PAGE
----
Regrow vegetables from kitchen scraps?

Another little game you can play with your kids

If you read my blog I would imagine you are a gardener, interested in gardening or even potter round your garden growing your own fruit and vegetables.  You may have many reasons, save money? Knowing your food is free from pesticides?  Or simply because you enjoy it?  I go for all three, however the fact I can save money is a massive bonus.  And by save money I do not mean just buy not having to buy fruit and veg.  I recycle as much as I can.  I dug out a pond and reused the soil, I use all sorts of kitchen tubs for pots and milk cartons for cloches and on top of that I seed save.  I will be providing more information on seed saving later on in the summer but for now I have some information for re-growing food from your kitchen scraps which you would otherwise throw in the bin, or hopefully compost?  I use a lot of mine for my chickens however this is quite a fun exercise to do with your kids and is so easy.

Just remember the quality of the ‘parent’ vegetable scrap will determine the quality of the re-growth, so do not use mouldy leftovers and wherever possible use organic plants which are free of chemicals

Leeks, Spring Onions and Fennel

All you have to do is place the white root end you cut off into a glass jar with some water and pop onto a window sill.  Wait for the green leafy part to start shooting and snip off what you need from this growth for cooking, leave the white root in water to keep growing, just keep putting fresh water in weekly.

Lemongrass

You can grow a lemongrass plant from a leftover lemongrass root.  First you need to propagate it and to do this you place the root in some water.  After about a week new growth will appear at which point transplant it into a pot and leave outside in a nice sunny spot.  When the stalks reach about a foot tall you can begin harvesting cutting off what you need and leave the rest to continue growing.

Celery, Lettuce & Cabbage

These grow similar to your leeks and onions.  Once the stalks are cut off place the root end into a shallow bowl of water taking care to only cover the roots and not the cutting.  Pop it onto a window sill and occasionally spray the cutting to keep moist.

Once you see root growth and new leaves appearing transplant into the soil with just the leaves showing above soil level, keep it watered and after a few weeks you will get a whole new head.

Ginger

Ginger is about the easiest to regrow, all you do is put the knobbly bit (ginger rhizome to be technical) in potting soil with the smallest buds facing upwards.  Ginger needs a warm and moist environment but do not place it in direct sunlight.

Once it has grown new shoots and roots you can harvest  (taking off another piece of rhizome to repeat the process).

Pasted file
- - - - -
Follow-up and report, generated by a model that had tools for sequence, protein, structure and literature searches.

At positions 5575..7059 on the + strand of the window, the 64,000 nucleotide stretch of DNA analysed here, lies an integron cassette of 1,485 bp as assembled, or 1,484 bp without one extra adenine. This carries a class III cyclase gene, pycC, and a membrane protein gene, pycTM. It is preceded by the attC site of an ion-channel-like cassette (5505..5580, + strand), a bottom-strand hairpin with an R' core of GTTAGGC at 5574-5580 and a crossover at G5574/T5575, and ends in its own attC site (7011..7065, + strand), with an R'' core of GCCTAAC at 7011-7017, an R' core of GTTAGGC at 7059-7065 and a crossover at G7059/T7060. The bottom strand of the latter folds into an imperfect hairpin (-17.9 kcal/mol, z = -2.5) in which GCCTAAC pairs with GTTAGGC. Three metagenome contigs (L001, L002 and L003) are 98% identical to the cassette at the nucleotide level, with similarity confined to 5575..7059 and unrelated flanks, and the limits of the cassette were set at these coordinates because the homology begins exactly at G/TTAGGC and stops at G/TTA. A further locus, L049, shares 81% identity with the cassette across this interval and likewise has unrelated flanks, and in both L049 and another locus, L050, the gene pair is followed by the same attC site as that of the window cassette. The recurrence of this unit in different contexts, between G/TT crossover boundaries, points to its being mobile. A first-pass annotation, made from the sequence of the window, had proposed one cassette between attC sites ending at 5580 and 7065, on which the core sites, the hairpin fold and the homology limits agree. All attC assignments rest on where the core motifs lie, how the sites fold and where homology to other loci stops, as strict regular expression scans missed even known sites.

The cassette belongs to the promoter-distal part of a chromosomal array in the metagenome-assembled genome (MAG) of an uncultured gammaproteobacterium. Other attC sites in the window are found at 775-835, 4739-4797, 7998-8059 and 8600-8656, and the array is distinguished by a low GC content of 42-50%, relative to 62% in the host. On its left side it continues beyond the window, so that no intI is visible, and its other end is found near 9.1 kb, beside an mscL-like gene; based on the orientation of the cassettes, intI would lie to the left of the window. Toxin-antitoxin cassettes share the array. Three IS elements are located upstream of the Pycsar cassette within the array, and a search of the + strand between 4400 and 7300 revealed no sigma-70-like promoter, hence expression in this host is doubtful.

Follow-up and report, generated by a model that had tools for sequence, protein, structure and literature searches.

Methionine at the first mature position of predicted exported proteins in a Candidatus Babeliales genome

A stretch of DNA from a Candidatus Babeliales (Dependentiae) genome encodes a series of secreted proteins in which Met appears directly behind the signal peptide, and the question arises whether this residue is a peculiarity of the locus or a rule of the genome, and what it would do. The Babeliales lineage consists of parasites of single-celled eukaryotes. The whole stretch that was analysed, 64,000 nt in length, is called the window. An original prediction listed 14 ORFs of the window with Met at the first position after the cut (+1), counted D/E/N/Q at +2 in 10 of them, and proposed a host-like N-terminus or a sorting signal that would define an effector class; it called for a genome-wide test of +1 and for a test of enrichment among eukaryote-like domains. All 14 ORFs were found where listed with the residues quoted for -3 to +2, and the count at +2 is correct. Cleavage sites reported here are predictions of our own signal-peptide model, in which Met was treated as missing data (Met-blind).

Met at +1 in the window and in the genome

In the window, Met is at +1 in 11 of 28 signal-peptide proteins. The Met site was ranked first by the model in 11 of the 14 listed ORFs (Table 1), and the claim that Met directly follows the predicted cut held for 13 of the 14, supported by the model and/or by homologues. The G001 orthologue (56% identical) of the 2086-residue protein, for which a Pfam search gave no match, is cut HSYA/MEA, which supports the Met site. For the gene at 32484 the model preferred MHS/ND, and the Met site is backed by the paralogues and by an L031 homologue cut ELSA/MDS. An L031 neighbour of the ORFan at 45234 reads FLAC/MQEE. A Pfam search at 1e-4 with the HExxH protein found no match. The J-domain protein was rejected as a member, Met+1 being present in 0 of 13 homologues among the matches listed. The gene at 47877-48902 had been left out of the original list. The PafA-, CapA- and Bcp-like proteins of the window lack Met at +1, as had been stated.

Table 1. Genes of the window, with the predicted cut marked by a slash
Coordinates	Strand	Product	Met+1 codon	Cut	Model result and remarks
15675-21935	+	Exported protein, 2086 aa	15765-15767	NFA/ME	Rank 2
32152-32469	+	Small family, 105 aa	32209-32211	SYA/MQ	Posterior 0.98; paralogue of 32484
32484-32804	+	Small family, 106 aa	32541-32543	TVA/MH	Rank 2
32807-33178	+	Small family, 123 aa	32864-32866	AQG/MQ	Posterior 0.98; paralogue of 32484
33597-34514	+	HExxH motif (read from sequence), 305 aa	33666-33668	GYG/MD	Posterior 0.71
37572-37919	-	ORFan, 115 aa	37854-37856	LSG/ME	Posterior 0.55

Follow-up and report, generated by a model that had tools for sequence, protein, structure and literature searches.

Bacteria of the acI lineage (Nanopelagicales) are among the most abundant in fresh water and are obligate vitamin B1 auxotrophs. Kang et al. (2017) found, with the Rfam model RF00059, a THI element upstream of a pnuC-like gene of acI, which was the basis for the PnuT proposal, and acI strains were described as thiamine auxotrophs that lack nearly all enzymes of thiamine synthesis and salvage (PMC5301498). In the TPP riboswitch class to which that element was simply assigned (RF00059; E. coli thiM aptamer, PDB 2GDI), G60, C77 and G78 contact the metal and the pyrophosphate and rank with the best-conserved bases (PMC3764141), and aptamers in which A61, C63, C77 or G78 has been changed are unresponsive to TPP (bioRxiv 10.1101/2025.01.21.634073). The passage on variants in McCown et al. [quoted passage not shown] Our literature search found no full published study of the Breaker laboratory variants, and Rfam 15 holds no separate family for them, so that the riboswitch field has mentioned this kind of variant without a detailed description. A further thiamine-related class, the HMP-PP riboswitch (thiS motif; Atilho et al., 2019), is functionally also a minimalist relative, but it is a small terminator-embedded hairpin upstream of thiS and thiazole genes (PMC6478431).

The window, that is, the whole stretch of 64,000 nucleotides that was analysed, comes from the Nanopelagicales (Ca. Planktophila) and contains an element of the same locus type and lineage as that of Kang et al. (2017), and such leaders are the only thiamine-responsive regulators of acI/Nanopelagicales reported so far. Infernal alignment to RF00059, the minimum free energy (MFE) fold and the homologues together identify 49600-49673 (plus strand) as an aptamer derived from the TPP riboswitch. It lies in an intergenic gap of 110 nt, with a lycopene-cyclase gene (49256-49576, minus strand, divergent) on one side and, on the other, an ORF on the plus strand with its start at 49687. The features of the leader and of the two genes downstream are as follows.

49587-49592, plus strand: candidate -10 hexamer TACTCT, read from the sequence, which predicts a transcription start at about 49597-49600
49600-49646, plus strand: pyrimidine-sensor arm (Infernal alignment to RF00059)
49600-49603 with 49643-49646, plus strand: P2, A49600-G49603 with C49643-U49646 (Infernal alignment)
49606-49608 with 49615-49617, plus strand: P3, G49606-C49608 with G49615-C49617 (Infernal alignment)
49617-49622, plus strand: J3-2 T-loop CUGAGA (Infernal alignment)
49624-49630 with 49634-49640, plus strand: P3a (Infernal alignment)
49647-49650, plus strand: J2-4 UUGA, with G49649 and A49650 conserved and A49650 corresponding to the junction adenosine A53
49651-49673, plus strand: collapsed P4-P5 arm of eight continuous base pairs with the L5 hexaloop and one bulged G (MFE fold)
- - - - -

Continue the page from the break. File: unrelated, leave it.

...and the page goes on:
Potatoes

There is a lot of negative opinions on regrowing potatoes from any old potato.  But you cannot lose much by giving it a go and I have had some good results.  A potato can be cut into four seed potatoes as long as each part has some decent healthy eyes on it.  You will need to leave the potato parts at room temperature for a day or two to dry out to ensure they don’t rot as soon as you put in the ground.  Potato blight is the only risk from this method so keep an eye out for this however potato blight is possible with bought seed potatoes even with blight-resistant seed potatoes.

Garlic

You can re-grow a plant from just a single clove – just plant it, root-end down, in a warm position with plenty of direct sunlight. The garlic will root itself and produce new shoots. Once established, cut back the shoots and the plant will put all its energy into producing a tasty big garlic bulb. And like ginger, you can repeat the process with your new bulb.

Onions

Onions are one of the easiest vegetables to propagate. Just cut off the root end of your onion, leaving a ½ inch of onion on the roots. Place it in a sunny position in your garden and cover the top with soil. Ensure the soil is kept moist. Onions prefer a warm sunny environment, so if you live in a colder climate, keep them in pots and move them indoors during frostier months.

As you use your home-grown onions, keep re-planting the root ends you cut off, and you’ll never need to buy onions again.

Sweet Potatoes

To propagate sweet potatoes, plant all or part of it under a thin layer of soil in a moist sunny location. New shoots will start to appear through the soil in a week or so. Once the shoots reach around four inches in height, remove them and re-plant them, with about 12 inch spacing.  Allow about 4 months before harvesting.

There are many other plants you can propagate from leftovers but these are just a few to get you started, maybe a little project for the family at the weekend?

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